May 14, 2010 / 5:13 PM / 7 years ago

Exhibit reveals common threads in Philadelphia, Kabul

PHILADELPHIA (Reuters Life!) - Photographs by high school students in Philadelphia and Kabul, Afghanistan will be displayed in exhibits opening in both cities on Friday in a project designed to bring together two very different cultures.

Twenty-one students collaborated in the project to depict everyday life in their cities and to find the common ground in experiences such as work and play and to dispel misconceptions about each other's societies.

At the National Constitution Center in Philadelphia, dozens of photographs are displayed in pairs that illustrate comparisons between the views of the world discovered by the teenagers.

A picture of an Afghan boy carrying a metal plate of donuts on his head is paired with a shot of a Dunkin Donuts store in downtown Philadelphia, while a dramatic shot of Kabul street vendors stirring steaming pots of food is matched with a view of a typical American suburban kitchen.

On a more somber note, a woman covered in a blue burka is pictured hunched over a brick platform in what looks like an attitude of grief. Its counterpart shows an African American woman covering her face with her hands.

But the 10 students from Marefat High School in Kabul did not dwell on the conflict and destruction that has ravaged their country for decades, and where U.S. forces continue to fight Muslim militants.

The Afghan students' photos offered the Americas students a fresh perspective on a country commonly depicted by the western media as war-torn and corrupt.

"I got to throw away all the stereotypes and all the feelings I had, especially about the Middle East," said Ian McShea, 17, one of the 11 students from Philadelphia's Constitution High School. "It's important for our generation to communicate on a global scale."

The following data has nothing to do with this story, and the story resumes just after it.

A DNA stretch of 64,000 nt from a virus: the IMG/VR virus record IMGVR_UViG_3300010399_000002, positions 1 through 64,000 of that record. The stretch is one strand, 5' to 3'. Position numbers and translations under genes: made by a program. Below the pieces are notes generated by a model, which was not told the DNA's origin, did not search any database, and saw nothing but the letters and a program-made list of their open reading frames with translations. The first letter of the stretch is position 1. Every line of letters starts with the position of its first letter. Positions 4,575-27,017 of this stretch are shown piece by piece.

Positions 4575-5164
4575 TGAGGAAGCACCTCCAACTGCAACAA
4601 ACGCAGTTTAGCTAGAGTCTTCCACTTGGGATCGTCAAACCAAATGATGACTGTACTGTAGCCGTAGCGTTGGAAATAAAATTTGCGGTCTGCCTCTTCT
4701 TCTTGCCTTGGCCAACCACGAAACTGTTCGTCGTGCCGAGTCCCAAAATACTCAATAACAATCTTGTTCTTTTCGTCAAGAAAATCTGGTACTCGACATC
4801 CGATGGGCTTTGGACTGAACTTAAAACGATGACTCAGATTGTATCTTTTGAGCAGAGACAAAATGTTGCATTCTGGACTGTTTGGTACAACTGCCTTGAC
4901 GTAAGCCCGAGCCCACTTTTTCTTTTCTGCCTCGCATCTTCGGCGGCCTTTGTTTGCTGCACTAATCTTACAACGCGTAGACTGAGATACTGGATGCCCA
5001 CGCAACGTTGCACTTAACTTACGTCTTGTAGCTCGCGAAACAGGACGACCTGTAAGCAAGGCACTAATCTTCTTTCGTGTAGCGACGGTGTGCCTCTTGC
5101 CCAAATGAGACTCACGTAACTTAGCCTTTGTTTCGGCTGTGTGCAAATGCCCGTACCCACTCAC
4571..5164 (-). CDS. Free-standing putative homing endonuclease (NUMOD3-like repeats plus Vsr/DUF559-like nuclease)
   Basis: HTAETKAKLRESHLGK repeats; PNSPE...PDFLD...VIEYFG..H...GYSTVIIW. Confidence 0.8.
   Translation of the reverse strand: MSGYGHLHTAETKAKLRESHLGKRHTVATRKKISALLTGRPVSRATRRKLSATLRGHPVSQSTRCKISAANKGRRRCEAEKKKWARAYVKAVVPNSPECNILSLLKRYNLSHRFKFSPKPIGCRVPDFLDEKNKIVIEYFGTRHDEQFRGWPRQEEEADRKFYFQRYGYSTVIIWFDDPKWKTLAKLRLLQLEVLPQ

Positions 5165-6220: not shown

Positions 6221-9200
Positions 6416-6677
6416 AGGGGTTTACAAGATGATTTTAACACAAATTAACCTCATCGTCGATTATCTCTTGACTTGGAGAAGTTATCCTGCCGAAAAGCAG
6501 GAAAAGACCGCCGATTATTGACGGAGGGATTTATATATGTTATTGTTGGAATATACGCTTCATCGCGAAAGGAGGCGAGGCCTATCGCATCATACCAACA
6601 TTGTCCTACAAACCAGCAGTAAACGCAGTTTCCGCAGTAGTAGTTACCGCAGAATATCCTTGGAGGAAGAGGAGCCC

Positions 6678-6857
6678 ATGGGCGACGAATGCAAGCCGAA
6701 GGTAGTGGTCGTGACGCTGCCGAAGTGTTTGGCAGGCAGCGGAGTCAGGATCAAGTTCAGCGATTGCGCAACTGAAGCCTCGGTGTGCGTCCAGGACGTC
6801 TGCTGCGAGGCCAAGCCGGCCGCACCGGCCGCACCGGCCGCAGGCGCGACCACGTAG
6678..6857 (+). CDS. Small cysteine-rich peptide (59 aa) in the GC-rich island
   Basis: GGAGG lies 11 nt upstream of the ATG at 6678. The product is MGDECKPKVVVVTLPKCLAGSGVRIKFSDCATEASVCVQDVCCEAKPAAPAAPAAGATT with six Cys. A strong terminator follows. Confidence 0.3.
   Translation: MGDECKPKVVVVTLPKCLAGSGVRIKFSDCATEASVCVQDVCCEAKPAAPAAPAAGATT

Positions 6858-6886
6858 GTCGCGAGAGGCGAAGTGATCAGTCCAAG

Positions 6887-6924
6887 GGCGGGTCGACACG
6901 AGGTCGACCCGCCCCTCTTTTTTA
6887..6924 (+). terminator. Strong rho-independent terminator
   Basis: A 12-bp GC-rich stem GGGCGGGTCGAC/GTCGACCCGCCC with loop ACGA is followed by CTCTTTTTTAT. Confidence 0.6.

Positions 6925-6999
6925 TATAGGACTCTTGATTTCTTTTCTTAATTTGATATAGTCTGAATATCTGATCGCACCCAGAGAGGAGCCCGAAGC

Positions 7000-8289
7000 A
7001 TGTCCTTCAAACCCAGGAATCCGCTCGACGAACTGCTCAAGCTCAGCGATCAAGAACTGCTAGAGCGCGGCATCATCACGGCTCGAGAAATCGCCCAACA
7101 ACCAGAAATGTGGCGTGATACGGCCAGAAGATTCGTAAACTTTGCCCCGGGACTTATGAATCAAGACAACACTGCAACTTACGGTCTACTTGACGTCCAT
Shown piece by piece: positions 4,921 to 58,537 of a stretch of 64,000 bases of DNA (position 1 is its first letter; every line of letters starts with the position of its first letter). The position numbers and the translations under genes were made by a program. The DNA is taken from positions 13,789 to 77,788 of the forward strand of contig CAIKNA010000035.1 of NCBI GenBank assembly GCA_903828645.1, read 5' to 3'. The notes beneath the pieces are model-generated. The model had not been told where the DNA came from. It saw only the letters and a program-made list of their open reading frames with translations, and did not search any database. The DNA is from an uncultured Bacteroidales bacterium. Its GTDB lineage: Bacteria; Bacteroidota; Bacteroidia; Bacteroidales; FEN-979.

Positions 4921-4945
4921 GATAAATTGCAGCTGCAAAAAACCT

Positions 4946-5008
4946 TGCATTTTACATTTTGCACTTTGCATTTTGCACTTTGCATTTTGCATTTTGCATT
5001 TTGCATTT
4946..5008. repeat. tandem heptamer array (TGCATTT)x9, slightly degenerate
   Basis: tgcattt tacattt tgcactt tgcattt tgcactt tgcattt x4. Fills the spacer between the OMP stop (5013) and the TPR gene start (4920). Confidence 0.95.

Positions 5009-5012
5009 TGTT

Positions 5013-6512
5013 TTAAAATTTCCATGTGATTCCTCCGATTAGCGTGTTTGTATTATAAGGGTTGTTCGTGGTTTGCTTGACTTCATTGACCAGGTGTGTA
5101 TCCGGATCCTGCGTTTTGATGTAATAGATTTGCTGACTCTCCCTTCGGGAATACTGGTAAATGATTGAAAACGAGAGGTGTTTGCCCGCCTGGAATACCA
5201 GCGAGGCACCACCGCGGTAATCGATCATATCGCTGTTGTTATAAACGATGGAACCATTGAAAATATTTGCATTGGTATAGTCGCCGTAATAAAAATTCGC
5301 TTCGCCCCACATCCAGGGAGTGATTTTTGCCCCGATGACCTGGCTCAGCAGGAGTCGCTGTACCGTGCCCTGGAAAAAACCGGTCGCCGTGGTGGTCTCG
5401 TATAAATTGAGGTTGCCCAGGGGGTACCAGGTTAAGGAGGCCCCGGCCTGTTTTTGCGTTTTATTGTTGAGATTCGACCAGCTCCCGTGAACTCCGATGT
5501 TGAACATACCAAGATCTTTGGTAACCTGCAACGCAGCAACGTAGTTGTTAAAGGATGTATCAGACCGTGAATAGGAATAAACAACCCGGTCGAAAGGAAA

The students, some of whom had never held a camera before, were taught the techniques of documentary photography, and spent time in their communities looking for images of freedom, religious expression, protest, and other civic themes.

But some of the photographs simply highlight young people having fun. They include a shot by McShea of his friend doing a backflip on a suburban street, paired with an Afghan scene in which a child is clinging upside down to the canopy of a street vendor's cart.

During the photographic project, the Afghan school was attacked by mobs because it was teaching students to oppose a national tradition that condones marital rape, said Tom Davidson, principal of Constitution High School, a public school whose curriculum emphasizes civics and leadership.

Davidson said the students involved in the project had been "profoundly" affected by the experience, but that its benefits of international understanding extended to the entire school.

David Eisner, chief executive of the National Constitution Center, said both groups of students discovered things about the other's country that they had not previously suspected during the nine-month project, and especially during a visit by the Afghan students to Philadelphia in March, when students curated the exhibitions.

American students showed their admiration for the Afghans' ability to overcome the significant challenges faced by their country, while the visitors quickly understood that in America it's acceptable to question authority, Eisner said.

"The U.S. students were arguing with National Constitution Center officials, and the Afghans at first looked askance at that," he said. "Each group was fascinated by the other."

The exhibition, "Being 'We the People': Afghanistan, America and the Minority Imprint," runs at the National Constitution Center until September 26. It includes an interactive installation in which visitors can select U.S. photos to match those from Afghanistan.

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